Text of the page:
The author invokes her audience’s sympathy, where the reader is made to feel sorry for the moth. This image represents the sad nature of human life. Despite the fact that humans, especially males (during Woolf’ time, discrimination of females was rampant), every individual attempts to have more freedom by applying his or her energy, but death strikes just as the person is about to succeed (in the same way the moth died after regaining its posture).
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On the other hand, Thoreau applies imagery on a large-scale, depicting the worthless and illogic behavior of humans who are fighting each other just because one part of the society hates the other. In this essay, Thoreau is walking in his garden when he comes across a woodpile where a battle between the red ants and the black ants is taking place (Thoreau 28). The author describes the overall scenery of the wooden log cabin where the ants are fighting. He compares the scenery with Mt. Olympus (Thoreau 28). In addition, he compares the fighting ants with soldiers during battles in human history. He refers to Achilles and other heroes in human history, comparing them with the agile red and black ants.
While Woolf uses the moth image to describe the idea of life and death in humans, Thoreau uses red and white ants to show that battles and wars, though meaningless, are part of the life of animals and human. In this case, he refers to the American Revolution.
A closer analysis of the story reveals that the red ants represent the colonialists while the black ants represent the imperialists during the American Revolution. The two sides are using massive energy to fight each other. In his story, the red ant bites its opponent so hard that it tears its flesh, but also suffers greatly that it can no longer walk (Thoreau 31). The author thinks that the dedication that the red ant has is based on its mother’s advice that it must fight to win or die (Thoreau 31).
The ants and their fight are an image used to represent the nature of humans, especially the colonialists and the imperialists during the American Revolution. Despite the energy, ego and strength applied to end the imperialist rule in America, Thoreau thinks that the war was useless and pointless from the beginning (Thoreau 28). The soldiers, just like the ants, died in large numbers, hoping to have a better tomorrow and control the country. The author attempts to describe the insignificant nature of the war and revolution to the soldiers involved. Like the dying ants, the soldiers involved in the two sides of the American Revolution war did not achieve what they wanted because at the end, they died or spent their entire lives in hospitals (Thoreau 34).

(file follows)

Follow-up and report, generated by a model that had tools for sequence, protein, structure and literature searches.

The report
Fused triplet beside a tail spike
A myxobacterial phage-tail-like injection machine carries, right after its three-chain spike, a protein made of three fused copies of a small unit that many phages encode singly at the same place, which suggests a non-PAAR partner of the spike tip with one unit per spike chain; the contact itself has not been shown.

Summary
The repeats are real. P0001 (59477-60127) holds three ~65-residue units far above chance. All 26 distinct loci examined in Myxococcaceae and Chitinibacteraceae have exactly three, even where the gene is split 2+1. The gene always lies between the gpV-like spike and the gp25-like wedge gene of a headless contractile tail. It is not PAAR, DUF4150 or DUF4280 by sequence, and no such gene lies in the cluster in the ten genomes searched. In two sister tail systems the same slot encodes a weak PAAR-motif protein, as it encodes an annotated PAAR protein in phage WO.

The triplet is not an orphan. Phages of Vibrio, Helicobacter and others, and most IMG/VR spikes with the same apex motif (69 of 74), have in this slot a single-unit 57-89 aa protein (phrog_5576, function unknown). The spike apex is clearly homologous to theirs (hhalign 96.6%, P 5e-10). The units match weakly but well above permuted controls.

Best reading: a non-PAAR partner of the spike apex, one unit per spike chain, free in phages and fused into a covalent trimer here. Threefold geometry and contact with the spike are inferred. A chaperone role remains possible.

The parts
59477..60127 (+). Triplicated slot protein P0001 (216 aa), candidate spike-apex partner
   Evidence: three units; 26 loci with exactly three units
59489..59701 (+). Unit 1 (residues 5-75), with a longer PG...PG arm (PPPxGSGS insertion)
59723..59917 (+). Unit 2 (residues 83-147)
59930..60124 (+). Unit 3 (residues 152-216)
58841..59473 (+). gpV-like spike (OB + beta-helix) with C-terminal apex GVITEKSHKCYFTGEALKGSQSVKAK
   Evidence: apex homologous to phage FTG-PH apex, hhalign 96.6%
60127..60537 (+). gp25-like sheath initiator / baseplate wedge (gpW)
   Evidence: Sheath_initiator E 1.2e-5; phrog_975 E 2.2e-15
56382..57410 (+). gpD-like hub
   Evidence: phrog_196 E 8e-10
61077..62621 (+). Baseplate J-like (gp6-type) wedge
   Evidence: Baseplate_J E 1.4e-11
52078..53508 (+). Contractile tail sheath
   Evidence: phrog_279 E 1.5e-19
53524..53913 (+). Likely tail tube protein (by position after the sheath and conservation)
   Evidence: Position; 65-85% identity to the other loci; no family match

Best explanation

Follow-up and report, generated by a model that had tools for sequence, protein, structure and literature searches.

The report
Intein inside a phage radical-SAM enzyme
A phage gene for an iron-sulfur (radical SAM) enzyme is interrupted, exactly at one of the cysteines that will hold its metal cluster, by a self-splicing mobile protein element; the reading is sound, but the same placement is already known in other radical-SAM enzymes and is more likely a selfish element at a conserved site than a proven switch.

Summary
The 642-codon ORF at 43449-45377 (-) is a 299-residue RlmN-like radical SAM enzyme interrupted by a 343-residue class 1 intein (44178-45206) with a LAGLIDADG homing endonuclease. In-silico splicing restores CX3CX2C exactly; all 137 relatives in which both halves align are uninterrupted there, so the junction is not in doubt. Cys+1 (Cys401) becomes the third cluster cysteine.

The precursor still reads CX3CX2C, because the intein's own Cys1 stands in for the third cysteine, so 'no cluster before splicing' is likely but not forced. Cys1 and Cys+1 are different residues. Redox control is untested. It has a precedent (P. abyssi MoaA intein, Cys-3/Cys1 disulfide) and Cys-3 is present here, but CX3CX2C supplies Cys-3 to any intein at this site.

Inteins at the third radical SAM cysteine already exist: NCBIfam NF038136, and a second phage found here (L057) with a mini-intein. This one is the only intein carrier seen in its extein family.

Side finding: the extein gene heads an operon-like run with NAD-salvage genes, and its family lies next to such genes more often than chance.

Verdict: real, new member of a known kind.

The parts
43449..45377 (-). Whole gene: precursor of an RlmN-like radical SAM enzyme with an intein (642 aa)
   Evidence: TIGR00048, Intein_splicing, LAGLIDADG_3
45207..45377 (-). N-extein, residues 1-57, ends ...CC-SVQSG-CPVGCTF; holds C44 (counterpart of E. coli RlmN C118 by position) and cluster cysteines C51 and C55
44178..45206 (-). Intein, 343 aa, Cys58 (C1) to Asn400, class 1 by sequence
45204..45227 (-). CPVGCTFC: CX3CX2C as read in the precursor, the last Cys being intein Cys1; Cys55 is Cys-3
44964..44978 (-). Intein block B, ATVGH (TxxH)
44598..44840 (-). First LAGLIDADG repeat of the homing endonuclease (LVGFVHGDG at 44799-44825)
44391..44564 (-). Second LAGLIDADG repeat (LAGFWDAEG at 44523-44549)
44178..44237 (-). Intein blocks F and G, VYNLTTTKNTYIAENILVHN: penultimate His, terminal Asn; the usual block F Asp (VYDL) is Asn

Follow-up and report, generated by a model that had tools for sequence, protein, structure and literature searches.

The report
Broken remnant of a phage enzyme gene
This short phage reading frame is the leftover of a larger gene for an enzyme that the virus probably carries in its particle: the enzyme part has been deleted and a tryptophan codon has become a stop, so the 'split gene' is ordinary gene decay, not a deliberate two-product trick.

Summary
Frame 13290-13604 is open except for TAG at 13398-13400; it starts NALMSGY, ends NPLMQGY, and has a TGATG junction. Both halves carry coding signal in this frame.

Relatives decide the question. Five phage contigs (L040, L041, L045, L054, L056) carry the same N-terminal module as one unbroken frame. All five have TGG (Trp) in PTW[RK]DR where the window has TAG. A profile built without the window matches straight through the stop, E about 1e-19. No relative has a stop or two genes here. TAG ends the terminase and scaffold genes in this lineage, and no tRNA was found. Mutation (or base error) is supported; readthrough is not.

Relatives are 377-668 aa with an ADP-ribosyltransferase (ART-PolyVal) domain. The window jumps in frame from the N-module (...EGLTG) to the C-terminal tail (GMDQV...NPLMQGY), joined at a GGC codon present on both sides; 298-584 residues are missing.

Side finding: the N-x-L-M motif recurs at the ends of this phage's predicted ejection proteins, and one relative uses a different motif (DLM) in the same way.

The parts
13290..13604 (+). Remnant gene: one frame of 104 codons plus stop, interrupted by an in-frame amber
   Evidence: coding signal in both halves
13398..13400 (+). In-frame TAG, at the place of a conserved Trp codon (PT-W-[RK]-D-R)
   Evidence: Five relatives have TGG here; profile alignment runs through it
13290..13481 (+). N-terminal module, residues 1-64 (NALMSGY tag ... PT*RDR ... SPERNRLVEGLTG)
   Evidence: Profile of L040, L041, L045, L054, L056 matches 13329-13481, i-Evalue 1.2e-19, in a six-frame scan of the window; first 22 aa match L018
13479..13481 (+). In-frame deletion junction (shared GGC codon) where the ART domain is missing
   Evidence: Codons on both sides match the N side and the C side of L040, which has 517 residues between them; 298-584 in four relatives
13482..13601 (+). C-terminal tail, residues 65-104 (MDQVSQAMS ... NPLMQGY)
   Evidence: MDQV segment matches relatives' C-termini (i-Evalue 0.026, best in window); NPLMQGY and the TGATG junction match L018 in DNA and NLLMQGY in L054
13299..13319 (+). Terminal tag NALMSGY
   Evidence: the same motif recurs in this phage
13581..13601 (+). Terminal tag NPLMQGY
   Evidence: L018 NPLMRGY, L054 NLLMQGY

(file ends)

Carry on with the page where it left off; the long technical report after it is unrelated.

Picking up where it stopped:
Towards the end of the narrative, Thoreau argues that both animal and spiritual nature exist in humans and animals. However, humans experience a conflict between the two while animals do not. This imagery was used to show that human wars result from the deeply rooted conflict between our spiritual and animal natures. Although humans are developed spiritually, the animal nature in them leads them hatred and to battles. At the end, wars are useless and pointless because they involve men killing others because of simple things like taxation, which caused the American Revolution war.
While Thoreau uses the image of the entire population of animals to represent the overall human behavior, Woolf uses a single animal and dissects its behavior to represent the overall nature of humans- the fight between and death.
Thoreau, Henry David. Walden. Stanford, CA: Stanford University Library, 2008. Print.
Woolf, Virginia. The Death of the Moth and other essays. New York: Numitor Comun Publishers, 2004. Print.